It is secondary but noteworthy his decision not to investigate the failure to properly coordinate on issues of privilege before the President attempted to invoke privilege for something that cannot be protected. This decision not to investigate this second legal issue is another Title 28-exception requirement he has not documented in writing to Congress as required.
Once DoJ Staff reported they had a go ahead decision after [a] announcing a recommendations to coordinate with the political office; [b] receiving guidance to maintain momentum and ensure fully support; and [c] getting approval and no concerns from political, legal, and communications; and [d] taking the time to be concerned with, on a lesser matter, whether people were or were not getting involved and not blind sided.
It defies reason to suggest the Attorney General and President did not know, were not consulted, or were unaware. Their reaction indicates they are in denial; or they openly admit they are not surprised by anything, but asserting things are just fine. Small problem: They have no consistent story of what did or didn't happen despite DoJ Staff confirming they had [a] coordinated with legal-communcations-poliical; and [b] they got a go-ahead order for their plan.
___ If you were President and were not fully consulted on something that was illegal, and that illegal plan was put into effect and discovered, would you assert things were fine?
___ If you were President and fully involved with the decision to engage in illegal activity, would you have asserted that the activity was fine and there was no problem?
This President's reaction is not one of confusion, but emphatically asserting things are just fine. His response does not make sense given his claims that the issues are supposedly privileged, yet the issues are on the table and in the e-mail. He’s attempting to claim privilege for something that is not a communication between him and his staff; but between the DOJ Staff and White House counsel's office.
The only reason to claim privilege incorrectly, as he has done, was if the President is panicking. He has no legal defense, and cannot explain why the DOJ Staff got a "go ahead order" after political-legal-communications were coordinated with; and the White House counsel and Gonzalez should have been involved on the issues of privilege.
The President would have us believe that he's sure privilege applies; but if this privilege claim were real, it would only be credibly invoked after the consultations with the Attorney General and Miers.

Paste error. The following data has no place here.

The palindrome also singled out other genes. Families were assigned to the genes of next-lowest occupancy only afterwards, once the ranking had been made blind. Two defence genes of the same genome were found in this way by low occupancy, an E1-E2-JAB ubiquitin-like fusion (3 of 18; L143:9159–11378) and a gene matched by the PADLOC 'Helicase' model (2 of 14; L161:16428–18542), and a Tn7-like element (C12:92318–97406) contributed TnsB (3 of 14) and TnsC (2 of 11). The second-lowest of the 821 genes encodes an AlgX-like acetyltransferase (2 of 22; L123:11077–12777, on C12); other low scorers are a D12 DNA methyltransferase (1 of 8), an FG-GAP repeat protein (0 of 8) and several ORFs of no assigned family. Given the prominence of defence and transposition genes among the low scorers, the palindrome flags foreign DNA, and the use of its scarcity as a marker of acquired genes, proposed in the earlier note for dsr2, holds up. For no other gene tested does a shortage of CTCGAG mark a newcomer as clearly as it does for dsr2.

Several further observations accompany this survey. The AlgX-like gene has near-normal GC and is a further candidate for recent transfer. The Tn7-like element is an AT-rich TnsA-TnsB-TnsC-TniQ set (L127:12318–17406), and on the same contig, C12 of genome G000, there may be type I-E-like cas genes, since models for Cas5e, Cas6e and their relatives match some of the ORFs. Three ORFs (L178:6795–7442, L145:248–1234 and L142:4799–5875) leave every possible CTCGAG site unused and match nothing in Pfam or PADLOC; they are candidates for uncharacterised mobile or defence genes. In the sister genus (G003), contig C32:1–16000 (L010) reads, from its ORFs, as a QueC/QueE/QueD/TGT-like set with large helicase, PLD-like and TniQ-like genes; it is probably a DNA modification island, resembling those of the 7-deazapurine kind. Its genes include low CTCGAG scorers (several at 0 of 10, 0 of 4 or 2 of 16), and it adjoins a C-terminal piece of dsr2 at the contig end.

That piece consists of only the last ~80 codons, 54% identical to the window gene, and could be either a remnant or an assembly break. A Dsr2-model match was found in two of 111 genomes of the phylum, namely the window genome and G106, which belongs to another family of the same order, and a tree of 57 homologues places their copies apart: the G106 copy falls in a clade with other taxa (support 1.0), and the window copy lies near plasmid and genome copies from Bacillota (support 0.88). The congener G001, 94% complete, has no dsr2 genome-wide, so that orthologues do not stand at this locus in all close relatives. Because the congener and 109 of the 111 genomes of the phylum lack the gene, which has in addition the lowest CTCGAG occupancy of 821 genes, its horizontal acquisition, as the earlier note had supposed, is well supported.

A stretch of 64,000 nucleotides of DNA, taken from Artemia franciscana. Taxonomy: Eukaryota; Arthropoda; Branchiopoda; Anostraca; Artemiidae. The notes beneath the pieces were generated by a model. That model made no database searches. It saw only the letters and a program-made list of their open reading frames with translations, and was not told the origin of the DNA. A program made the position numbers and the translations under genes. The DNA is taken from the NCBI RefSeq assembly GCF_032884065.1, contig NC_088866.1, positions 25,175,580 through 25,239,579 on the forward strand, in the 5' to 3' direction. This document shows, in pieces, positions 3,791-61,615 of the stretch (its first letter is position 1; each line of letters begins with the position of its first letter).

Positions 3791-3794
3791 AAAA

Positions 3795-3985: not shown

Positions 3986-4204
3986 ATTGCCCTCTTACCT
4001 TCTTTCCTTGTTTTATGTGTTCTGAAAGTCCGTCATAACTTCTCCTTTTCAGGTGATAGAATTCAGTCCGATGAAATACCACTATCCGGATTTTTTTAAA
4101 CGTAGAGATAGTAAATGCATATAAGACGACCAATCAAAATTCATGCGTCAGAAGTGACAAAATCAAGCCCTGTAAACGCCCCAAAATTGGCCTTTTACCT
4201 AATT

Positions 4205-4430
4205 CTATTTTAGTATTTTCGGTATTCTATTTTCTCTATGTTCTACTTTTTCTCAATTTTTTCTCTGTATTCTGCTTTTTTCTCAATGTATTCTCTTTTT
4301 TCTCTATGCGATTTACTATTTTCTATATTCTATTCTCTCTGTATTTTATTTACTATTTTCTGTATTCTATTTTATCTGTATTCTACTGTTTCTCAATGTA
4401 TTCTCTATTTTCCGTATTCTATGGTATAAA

Whether the President has received reckless, incompetent, or worthless legal advice from White House counsel, DoJ Staff, the attorney general, or outside counsel is meaningless. His public statements are not legally sound, but are fatal to his legal position. Bad legal advice does not cure a defective claim of privilege.
It is irrelevant that the legal advice came before or after the go-ahead decision. The DoJ Staff documents the legal-political-communications were involved as were Miers in the decision to proceed.
This President isn't going to make a move unless he discusses issues with political-legal-communications. We leave it for another day to explain why he nominated Miers for the Supreme Court.
Rove, Miers, Gonzalez, and the President are red herrings. Whether they do or do not testify is irrelevant.
The issue goes to the GOP Senate:
___ When did they know of the illegal effort;
___ Why did they not follow-up with Gonzalez;
___ When they looked at the gaps in the Title 28 exception reports, why didn't they notify the DOJ OPR/IG and US Attorney?
Answer: They retaliated against the US Attorneys, and did not cooperate with them.
The entire mess in the White house is a smokescreen from the real power issue in the Senate: The GOP cannot be sure that its GOP Senators are going to survive indictments for their failure to assert their 5 SUC 3331 oath of office in re the Title 28 violations they have known about but not investigated.
The other lines of evidence are interesting, but merely confirm:
A. The legal process was in place;
B. The required legal checks to invoke privilege were coordinated before the plan was implemented;
C. White House counsel, Gonzalez, and Rove -- all being attorneys -- knew, or should have known the legal requirements which would have been coordinated, approved, and understood well before the plan was put into effect or approved;
D. The issues of privilege would have had to have been raised, discussed, and well contemplated before anyone in the political, legal, or communications area would consent to endorse a plan;